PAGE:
In a week that sees a wildcard win Wimbledon comes news that another relative “outsider” is poised to take the helm at the Design Business Association. When Paul Priestman succeeds Lynne Dobney to the DBA chairmanship in October, he will have served little more than a year on the association’s board. His consultancy, Priestman Goode, has been a DBA member for not much longer.
How important it is that the system – at the DBA as well as Wimbledon – allows the right person to win through. In the case of Priestman, it has enabled the DBA to tap into a generation of designer/ owners who haven’t yet played a big role in industry politics, though their creative standing is high.
Priestman has pledged to raise design’s profile through a number of initiatives, including an annual book promoting DBA members and the association’s Effectiveness Awards winners. We can expect some success here, given his knack of putting his own consultancy on the media map in a way that shows sound marketing sense and strong design talent.
But Priestman has also pledged to continue the work of Dobney and others in building best practice within the design business and it is on the client side of this that he is likely to find his greatest challenge – though he is hoping to bring clients and in-house teams on board as DBA members. Bigger groups have worked their way into global boardrooms, but the mass of design groups are still ranked way behind other marketing services agencies by clients and consequently not treated very well.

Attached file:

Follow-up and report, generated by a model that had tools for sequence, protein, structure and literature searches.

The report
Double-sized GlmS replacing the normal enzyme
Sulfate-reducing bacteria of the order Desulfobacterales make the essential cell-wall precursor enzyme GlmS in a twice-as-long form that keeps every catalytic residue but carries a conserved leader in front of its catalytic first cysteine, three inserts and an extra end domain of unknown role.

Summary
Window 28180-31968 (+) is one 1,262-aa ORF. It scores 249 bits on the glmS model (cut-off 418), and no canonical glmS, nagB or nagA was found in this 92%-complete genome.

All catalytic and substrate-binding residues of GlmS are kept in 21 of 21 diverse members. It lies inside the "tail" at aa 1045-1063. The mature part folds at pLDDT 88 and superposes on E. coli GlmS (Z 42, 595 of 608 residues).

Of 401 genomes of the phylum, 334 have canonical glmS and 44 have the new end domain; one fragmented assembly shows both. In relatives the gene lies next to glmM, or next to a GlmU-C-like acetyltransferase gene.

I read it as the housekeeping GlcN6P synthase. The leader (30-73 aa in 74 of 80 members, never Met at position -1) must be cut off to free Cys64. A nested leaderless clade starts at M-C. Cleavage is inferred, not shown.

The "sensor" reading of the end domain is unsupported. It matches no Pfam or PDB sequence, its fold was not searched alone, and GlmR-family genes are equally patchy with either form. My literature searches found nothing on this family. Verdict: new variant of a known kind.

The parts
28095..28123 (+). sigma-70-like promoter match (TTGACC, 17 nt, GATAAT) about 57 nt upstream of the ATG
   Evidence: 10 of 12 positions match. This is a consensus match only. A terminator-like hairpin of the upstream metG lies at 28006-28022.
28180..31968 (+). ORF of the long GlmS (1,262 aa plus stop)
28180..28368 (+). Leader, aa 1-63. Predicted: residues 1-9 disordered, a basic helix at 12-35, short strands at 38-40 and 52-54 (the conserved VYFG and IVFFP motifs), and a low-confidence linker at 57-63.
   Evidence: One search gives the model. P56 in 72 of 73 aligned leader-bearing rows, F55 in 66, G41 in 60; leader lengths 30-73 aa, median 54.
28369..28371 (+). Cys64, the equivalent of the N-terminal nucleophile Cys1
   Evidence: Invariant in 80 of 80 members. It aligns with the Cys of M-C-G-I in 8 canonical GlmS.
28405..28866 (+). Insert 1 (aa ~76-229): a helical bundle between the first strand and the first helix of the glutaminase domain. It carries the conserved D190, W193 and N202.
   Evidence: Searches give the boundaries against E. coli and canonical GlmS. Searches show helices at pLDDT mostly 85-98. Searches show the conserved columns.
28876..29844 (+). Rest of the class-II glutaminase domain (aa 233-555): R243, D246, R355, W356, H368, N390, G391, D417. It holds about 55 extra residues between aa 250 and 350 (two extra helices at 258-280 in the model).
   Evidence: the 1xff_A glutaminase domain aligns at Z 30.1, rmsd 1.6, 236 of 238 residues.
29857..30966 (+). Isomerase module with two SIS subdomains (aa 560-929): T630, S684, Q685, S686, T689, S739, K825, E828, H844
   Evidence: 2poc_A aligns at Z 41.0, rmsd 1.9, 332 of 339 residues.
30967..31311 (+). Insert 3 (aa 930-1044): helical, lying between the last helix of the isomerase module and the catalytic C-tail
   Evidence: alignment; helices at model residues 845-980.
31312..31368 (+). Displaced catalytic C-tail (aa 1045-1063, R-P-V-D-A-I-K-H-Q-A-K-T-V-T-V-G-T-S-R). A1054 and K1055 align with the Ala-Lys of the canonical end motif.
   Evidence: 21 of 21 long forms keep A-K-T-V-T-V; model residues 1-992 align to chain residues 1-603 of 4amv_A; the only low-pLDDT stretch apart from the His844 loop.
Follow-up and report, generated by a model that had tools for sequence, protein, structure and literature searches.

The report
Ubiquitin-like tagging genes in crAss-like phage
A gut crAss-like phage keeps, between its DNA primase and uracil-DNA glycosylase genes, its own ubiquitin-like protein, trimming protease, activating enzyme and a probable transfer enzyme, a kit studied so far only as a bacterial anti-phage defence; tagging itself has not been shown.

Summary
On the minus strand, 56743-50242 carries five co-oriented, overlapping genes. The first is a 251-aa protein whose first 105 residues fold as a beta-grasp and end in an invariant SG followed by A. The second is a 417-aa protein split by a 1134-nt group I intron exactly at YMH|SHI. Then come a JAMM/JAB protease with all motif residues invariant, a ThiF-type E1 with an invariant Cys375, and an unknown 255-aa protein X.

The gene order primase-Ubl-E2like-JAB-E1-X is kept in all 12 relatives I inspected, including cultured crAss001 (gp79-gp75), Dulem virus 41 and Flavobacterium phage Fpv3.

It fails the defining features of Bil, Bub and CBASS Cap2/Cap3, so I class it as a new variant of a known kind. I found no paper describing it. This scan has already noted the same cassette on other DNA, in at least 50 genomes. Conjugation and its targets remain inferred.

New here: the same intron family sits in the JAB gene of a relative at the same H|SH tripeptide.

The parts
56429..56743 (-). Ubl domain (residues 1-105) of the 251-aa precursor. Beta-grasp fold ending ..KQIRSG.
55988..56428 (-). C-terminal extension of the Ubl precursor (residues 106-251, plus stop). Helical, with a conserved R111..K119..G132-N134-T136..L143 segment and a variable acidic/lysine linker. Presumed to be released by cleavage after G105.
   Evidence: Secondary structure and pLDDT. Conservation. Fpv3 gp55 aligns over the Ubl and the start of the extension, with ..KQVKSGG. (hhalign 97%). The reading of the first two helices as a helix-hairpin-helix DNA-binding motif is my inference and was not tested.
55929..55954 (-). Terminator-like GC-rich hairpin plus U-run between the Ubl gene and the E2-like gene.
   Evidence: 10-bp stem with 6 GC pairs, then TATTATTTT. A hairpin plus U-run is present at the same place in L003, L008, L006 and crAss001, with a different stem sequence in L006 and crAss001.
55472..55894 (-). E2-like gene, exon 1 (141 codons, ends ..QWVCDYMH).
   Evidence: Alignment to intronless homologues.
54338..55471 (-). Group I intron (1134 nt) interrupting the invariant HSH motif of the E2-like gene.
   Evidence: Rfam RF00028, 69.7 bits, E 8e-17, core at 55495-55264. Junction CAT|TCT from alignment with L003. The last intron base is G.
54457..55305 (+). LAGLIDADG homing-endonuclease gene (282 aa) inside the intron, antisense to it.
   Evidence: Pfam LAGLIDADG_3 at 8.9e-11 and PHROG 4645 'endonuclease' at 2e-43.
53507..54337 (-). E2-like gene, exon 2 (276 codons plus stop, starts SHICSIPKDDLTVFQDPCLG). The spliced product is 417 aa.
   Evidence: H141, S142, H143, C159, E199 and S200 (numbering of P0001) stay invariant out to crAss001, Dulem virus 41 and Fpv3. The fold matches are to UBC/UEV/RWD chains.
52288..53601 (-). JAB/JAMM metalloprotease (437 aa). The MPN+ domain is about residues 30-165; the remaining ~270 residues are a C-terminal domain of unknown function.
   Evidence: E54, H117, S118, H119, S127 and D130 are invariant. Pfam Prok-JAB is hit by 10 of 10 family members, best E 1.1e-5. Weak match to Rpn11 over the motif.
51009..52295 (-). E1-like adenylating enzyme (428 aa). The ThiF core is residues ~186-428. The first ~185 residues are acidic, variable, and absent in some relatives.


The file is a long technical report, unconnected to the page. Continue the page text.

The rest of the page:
The DBA has made some inroads here. For example, it made a brief foray into the Central Office of Information Communications debacle over the Government department’s decision to charge design groups a fee to pitch for a place on its roster. That situation remains unresolved as the COI continues to draw flak from the industry over its procurement practices (DW 5 July), but the DBA is seemingly having more impact in its fight against restrictive contracts .
There are, however, other areas still to be tackled. Free creative pitching is an old ill that hasn’t gone away, despite strong arguments against it, but there are other scenarios where clients expect too much from design groups without appointing them to a job. Companies such as Jaguar, for example, have put as many as seven groups on a pitch list, wasting time and resources all round.
There is still much to be done by Dobney, Priestman and other DBA board members to build design’s confidence and stature within a wider world. We’d welcome your views on how best they might achieve it.